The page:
Imagine that you step outside your door and you find an alien in underpants. Sure, it is unlikely. Still, just few words can get you to imagine an alien in underpants outside your front door!How can words do that?
Our research focuses on the cognitive and neurobiological basis of human communication and how through communication humans can learn about new objects and ideas – including imaginary worlds. More specifically we are interested in how we learn and represent the meaning of words across domains of knowledge, how our semantic knowledge interfaces with perception, action and emotion and how these systems are recruited during language learning.
We use tools from psychology, cognitive neuroscience and computational modelling. We seek converging evidence from different languages and different populations: adults, children, deaf individuals using British Sign Language, as well as individuals who have developed aphasia or apraxia after brain damage.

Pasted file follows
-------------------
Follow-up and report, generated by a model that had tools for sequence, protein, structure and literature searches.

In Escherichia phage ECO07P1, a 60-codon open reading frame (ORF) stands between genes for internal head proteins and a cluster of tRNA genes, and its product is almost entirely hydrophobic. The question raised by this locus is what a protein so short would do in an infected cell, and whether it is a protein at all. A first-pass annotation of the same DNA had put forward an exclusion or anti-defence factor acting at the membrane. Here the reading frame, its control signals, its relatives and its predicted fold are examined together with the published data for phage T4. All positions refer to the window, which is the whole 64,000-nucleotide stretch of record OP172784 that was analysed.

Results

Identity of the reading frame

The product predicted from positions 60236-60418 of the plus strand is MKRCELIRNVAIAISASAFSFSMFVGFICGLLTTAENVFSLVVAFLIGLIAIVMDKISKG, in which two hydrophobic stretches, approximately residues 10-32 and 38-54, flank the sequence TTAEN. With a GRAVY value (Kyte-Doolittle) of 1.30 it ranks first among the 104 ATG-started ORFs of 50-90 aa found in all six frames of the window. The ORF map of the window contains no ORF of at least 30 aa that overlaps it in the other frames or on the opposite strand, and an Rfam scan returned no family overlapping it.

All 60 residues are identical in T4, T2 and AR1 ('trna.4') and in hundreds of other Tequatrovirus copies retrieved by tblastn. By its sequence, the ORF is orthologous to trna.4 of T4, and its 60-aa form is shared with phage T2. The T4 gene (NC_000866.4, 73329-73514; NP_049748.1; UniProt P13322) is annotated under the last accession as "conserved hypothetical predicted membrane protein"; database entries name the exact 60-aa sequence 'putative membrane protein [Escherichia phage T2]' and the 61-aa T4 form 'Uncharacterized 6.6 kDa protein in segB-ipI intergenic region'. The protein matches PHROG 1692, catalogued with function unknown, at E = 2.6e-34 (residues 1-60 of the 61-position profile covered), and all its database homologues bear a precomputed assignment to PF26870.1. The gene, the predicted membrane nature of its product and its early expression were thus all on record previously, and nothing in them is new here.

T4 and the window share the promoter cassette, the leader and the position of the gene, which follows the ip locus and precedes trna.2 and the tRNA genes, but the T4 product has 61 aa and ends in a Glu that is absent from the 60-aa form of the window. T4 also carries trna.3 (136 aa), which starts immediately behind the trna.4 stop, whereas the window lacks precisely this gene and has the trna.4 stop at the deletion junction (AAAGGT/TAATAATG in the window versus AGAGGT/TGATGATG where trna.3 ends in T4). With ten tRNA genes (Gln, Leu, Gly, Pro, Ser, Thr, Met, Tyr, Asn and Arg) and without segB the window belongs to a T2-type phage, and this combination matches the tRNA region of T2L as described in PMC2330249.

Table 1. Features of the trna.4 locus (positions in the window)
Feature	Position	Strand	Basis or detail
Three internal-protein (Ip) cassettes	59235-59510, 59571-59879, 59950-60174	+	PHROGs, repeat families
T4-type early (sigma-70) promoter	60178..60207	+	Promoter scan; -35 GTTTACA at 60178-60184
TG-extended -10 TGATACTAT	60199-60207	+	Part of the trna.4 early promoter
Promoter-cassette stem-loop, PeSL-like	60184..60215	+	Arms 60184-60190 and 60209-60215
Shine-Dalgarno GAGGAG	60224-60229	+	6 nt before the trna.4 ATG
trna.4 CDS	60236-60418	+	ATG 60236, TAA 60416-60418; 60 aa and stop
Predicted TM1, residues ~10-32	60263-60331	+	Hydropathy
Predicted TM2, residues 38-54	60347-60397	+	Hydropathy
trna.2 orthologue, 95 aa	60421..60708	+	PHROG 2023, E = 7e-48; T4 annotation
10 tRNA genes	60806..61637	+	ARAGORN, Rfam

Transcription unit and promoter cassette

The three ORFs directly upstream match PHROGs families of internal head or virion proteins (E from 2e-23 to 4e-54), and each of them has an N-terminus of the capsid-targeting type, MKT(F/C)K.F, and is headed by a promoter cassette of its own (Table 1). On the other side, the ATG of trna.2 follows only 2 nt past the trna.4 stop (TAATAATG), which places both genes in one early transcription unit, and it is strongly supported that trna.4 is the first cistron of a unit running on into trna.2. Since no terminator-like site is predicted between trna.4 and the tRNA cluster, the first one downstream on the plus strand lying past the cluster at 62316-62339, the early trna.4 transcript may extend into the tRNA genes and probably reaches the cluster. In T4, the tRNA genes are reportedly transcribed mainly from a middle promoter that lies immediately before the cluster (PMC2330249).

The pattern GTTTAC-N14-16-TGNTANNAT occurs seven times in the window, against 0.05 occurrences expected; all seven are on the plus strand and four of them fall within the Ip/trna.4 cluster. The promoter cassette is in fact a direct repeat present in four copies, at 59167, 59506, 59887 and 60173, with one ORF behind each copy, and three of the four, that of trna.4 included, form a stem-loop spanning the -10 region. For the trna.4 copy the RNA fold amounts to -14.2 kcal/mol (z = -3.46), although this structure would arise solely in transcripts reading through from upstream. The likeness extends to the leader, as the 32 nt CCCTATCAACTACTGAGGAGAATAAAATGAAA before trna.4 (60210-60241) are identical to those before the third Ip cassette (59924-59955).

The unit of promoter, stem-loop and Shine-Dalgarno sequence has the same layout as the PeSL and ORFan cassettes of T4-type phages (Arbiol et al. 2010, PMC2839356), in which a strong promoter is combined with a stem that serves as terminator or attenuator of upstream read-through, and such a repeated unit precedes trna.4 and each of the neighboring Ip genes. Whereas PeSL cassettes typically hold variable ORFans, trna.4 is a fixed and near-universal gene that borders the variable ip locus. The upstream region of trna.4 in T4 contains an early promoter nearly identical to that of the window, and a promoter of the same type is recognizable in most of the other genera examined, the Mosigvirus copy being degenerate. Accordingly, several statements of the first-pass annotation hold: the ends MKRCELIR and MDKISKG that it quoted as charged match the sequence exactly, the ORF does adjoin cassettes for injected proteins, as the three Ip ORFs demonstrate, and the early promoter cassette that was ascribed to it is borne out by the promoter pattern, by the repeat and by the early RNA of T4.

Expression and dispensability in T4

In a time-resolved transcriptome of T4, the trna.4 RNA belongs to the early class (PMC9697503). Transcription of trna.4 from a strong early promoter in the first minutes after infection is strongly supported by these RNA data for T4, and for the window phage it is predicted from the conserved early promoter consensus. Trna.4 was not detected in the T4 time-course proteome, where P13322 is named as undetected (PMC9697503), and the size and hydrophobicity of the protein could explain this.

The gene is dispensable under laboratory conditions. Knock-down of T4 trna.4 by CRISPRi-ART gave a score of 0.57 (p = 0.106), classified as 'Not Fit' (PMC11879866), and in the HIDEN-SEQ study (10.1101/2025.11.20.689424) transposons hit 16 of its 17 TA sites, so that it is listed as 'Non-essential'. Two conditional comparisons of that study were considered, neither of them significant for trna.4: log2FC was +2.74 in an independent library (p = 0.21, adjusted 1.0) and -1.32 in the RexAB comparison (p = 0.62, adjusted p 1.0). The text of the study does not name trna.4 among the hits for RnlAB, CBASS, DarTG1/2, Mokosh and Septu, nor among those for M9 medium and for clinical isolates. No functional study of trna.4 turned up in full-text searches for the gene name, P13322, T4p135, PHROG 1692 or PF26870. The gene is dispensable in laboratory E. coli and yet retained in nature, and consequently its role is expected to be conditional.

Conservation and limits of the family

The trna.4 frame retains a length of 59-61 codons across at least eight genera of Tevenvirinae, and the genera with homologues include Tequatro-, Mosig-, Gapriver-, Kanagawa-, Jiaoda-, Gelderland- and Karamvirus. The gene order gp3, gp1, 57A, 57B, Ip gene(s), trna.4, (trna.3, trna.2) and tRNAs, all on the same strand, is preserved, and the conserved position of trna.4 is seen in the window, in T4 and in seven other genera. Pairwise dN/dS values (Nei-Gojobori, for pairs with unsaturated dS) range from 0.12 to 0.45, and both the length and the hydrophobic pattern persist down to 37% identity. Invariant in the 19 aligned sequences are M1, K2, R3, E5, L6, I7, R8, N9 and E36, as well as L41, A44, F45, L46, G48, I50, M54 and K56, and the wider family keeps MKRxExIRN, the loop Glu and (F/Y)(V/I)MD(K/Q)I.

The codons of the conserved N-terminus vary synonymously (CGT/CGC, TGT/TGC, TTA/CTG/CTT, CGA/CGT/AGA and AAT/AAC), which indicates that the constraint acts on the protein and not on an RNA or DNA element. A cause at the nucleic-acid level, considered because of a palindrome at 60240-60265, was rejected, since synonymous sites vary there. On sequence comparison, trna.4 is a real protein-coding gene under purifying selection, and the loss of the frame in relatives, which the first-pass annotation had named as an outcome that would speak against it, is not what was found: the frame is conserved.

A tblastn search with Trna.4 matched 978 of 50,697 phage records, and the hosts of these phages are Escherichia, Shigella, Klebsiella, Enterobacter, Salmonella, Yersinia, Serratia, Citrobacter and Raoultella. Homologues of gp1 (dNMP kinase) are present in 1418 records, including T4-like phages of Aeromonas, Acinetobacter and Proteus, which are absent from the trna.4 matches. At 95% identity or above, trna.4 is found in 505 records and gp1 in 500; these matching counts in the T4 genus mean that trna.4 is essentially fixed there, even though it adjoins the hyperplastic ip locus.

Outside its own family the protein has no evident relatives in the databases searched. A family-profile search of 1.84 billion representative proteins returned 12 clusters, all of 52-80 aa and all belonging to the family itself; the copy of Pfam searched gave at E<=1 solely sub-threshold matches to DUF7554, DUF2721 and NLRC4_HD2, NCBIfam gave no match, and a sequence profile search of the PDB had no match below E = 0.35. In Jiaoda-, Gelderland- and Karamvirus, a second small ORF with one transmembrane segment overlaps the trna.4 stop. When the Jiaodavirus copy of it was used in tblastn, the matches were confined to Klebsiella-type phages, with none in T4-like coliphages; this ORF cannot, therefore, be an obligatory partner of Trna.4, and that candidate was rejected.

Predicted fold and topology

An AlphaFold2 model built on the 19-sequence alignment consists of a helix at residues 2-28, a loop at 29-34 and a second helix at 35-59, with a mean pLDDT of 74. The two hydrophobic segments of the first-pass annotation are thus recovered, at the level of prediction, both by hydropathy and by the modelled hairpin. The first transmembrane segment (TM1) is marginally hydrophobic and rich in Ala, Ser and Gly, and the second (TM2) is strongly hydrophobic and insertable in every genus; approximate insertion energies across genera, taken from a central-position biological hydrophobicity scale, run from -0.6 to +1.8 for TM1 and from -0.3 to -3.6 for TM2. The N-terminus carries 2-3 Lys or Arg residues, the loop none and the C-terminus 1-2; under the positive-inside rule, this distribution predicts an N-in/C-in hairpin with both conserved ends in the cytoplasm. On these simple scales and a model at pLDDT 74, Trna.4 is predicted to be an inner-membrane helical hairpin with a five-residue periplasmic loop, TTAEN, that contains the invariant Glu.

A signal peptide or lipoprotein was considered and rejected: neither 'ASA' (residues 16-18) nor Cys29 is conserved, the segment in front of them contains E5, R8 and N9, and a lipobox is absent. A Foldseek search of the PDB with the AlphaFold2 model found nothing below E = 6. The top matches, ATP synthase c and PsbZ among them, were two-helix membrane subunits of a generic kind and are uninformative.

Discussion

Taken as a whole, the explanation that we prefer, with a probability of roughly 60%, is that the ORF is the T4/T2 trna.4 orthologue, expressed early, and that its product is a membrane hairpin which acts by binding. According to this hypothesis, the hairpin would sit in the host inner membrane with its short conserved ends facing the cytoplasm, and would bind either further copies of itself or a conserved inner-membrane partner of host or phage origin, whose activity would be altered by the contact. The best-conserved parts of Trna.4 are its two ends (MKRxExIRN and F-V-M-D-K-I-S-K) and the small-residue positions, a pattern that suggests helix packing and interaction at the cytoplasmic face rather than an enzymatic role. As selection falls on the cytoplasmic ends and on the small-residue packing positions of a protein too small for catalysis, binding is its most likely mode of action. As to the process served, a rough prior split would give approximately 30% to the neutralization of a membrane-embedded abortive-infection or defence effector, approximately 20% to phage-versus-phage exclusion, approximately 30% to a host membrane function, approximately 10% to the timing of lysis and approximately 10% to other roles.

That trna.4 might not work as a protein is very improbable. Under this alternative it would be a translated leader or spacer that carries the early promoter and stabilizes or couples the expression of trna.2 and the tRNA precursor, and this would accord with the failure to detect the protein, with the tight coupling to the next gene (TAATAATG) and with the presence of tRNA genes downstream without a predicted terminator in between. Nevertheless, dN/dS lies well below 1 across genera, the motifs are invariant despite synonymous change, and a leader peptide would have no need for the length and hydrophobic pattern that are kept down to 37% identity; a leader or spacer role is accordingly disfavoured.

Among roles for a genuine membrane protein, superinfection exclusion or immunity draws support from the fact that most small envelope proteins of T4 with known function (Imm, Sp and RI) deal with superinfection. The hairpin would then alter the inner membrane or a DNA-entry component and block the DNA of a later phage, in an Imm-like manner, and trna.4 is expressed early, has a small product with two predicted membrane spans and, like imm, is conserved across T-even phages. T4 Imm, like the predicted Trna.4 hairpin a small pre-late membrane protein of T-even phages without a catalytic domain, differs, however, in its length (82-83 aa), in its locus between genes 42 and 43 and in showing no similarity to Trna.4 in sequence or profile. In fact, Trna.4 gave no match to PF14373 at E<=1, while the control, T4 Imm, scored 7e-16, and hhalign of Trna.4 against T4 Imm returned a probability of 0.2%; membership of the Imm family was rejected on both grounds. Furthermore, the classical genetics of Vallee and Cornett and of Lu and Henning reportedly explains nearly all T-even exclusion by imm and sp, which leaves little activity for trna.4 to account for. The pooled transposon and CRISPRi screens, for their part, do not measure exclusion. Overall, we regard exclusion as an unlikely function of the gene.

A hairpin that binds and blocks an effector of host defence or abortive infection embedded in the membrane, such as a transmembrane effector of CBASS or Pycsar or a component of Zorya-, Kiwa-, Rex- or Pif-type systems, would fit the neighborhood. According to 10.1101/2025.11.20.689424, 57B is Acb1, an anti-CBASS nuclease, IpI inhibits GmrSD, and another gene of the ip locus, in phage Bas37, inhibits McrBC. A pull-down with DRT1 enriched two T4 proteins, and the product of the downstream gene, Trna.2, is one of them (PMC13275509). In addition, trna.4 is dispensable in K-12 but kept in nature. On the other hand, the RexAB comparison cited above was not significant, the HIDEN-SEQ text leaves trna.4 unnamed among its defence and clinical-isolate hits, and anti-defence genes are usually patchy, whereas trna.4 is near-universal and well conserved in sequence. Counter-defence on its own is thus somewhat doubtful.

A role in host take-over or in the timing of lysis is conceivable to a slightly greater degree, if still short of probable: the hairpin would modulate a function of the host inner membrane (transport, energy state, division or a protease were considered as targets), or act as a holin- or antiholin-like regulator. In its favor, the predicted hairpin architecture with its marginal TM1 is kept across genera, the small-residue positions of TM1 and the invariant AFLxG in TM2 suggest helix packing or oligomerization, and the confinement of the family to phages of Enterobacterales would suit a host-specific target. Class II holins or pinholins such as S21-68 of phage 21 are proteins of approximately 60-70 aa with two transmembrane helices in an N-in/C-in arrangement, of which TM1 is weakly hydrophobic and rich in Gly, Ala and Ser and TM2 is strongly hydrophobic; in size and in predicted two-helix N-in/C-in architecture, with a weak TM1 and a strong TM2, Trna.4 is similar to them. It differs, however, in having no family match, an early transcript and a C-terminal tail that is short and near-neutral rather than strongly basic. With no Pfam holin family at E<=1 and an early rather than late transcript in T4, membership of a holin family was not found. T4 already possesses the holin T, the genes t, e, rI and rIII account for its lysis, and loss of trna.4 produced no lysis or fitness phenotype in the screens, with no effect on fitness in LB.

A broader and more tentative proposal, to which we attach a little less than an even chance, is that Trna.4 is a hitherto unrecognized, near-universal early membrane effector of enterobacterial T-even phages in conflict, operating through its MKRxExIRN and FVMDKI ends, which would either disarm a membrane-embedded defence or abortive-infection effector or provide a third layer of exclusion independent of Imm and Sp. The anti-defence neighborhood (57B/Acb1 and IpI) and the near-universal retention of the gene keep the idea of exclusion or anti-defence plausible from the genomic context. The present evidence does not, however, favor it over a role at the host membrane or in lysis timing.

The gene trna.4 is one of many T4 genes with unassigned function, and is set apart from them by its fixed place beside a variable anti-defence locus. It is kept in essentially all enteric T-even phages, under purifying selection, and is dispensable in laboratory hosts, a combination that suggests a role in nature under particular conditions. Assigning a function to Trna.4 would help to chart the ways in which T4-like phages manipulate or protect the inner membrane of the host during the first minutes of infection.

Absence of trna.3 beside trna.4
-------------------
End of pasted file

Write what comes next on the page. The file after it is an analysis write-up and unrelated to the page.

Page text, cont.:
Keynote 3, Sebastián-Gallés: bilinguals have specific adaptations to process diverse phonological input #AMLaP2017— Language&Cognition (@UCLanguageLab) September 8, 2017
Gabriella is awarded ERC Advanced Grant to study language learning and comprehension in the real world
Gabriella is awarded ESRC grant to study the role of iconicity in word learning.
Work by Gabriella Vigliocco, Courtenay Norbury and Marta Ponari uncovers basic facts about how children learn abstract concepts